The wrangling over the nation’s debt limit raises a lot of questions, including what it actually is and why the United States has one.
Here’s everything you need to know.
What is the debt limit?
The debt limit is a cap on the total amount of money that the United States is authorized to borrow to fund the government and meet its financial obligations.
Because the federal government runs budget deficits — meaning it spends more than it brings in through taxes and other revenue — it must borrow huge sums of money to pay its bills. Those obligations include funding for social safety net programs, interest on the national debt and salaries for members of the armed forces.
Approaching the debt ceiling often elicits calls by lawmakers to cut back on government spending. But lifting the debt limit does not actually authorize any new spending — in fact, it simply allows the United States to spend money on programs that have already been authorized by Congress.
When was the debt limit reached?
The United States officially hit its debt limit on Jan. 19, prompting the Treasury Department to use accounting maneuvers known as extraordinary measures to continue paying the government’s obligations and avoid a default. Those measures temporarily curb certain government investments so that the bills can continue to be paid.
Treasury Secretary Janet L. Yellen has warned lawmakers that the United States could run out of cash in early June if the borrowing cap isn’t raised or suspended.
How much debt does the United States have?
The national debt crossed $31 trillion for the first time last year. The borrowing cap is set at $31.381 trillion.
Why does the United States have a debt limit?
According to the Constitution, Congress must authorize government borrowing. In the early 20th century, the debt limit was instituted so that the Treasury would not need to ask Congress for permission each time it had to issue debt to pay bills.
During World War I, Congress passed the Second Liberty Bond Act of 1917 to give the Treasury more flexibility to issue debt and manage federal finances. The debt limit started to take its current shape in 1939, when Congress consolidated different limits that had been set on different types of bonds into a single borrowing cap. At the time, the limit was set to $45 billion.
While the debt limit was created to make government run more smoothly, many policymakers believe that it has become more trouble than it’s worth. In 2021, Ms. Yellen said she supported abolishing the debt limit.
What happens if the debt limit is not raised or suspended?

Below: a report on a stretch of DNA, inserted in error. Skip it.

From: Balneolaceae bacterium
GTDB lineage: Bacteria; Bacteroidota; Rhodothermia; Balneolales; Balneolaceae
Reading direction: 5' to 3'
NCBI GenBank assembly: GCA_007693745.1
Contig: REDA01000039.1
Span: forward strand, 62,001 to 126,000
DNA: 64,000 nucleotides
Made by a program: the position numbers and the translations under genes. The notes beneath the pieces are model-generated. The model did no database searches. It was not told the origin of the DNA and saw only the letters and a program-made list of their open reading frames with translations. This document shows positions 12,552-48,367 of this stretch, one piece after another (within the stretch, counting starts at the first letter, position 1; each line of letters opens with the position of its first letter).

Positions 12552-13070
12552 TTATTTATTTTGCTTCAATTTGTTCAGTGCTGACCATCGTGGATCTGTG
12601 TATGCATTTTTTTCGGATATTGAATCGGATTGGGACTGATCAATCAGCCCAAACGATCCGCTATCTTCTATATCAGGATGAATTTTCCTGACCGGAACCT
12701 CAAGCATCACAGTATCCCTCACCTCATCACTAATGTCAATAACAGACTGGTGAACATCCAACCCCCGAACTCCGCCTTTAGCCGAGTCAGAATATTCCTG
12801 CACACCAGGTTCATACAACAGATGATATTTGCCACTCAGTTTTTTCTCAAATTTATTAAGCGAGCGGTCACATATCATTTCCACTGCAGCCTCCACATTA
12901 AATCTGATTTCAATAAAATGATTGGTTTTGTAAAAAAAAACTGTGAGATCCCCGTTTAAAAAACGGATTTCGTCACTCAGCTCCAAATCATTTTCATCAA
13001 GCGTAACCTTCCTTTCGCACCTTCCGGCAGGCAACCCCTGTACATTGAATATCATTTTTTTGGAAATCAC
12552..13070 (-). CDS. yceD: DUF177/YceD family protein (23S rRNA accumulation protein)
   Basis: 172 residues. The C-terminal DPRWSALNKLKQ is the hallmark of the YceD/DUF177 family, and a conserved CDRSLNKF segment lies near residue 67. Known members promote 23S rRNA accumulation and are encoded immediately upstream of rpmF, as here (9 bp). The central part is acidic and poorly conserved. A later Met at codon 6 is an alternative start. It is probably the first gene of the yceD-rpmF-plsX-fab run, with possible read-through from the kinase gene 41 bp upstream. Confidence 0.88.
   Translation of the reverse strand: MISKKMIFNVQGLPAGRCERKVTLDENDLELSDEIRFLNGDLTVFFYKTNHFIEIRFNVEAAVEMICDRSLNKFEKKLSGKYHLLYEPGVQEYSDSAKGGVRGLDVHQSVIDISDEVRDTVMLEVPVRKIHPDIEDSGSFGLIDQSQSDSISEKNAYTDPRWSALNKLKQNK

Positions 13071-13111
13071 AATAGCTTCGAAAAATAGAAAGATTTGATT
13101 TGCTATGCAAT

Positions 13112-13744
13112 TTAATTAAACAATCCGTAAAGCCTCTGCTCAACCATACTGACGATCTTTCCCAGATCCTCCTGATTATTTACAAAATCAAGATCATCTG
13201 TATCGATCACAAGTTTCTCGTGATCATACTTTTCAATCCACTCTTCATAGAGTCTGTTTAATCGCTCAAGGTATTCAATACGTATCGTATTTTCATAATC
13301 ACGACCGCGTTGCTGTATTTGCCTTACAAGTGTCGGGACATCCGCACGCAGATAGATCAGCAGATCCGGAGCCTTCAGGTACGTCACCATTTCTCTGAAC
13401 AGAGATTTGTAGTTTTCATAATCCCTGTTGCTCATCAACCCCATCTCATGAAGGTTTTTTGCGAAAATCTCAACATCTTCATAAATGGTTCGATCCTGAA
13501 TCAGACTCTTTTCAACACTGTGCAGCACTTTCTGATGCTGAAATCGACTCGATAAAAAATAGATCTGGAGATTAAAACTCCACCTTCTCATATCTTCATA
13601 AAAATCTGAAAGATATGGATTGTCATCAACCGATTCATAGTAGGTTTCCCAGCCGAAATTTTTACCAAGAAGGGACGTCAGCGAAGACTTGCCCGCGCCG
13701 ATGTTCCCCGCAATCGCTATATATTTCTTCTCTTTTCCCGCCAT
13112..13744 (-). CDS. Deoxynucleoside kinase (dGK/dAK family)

If the government exhausts its extraordinary measures and runs out of cash, it would be unable to issue new debt. That means it would not have enough money to pay its bills, including interest and other payments it owes to bondholders, military salaries and benefits to retirees.
No one knows exactly what would happen if the United States gets to that point, but the government could default on its debt if it is unable to make required payments to its bondholders. Economists and Wall Street analysts warn that such a scenario would be economically devastating, and could plunge the entire world into a financial crisis.
Will military salaries, Social Security benefits and bondholders be paid?
Various ideas have been raised to ensure that critical payments are not missed — particularly payments to the investors who hold U.S. debt. But none of these ideas have ever been tried, and it remains unclear whether the government could actually continue paying any of its bills if it can’t borrow more money.
One idea that has been proposed is that the Treasury Department would prioritize certain payments to avoid defaulting on U.S. debt. In that case, the Treasury would first pay the bondholders who own U.S. Treasury debt, even if it delayed other financial obligations like government salaries or retirement benefits.
So far, the Treasury seems to have ruled that out as an option. Ms. Yellen has said that such an approach would not avoid a debt “default” in the eyes of markets.
“Treasury systems have all been built to pay all of our bills when they’re due and on time, and not to prioritize one form of spending over another,” Ms. Yellen told reporters earlier this year.
Alan Rappeport is an economic policy reporter, based in Washington. He covers the Treasury Department and writes about taxes, trade and fiscal matters. He previously worked for The Financial Times and The Economist. @arappeport
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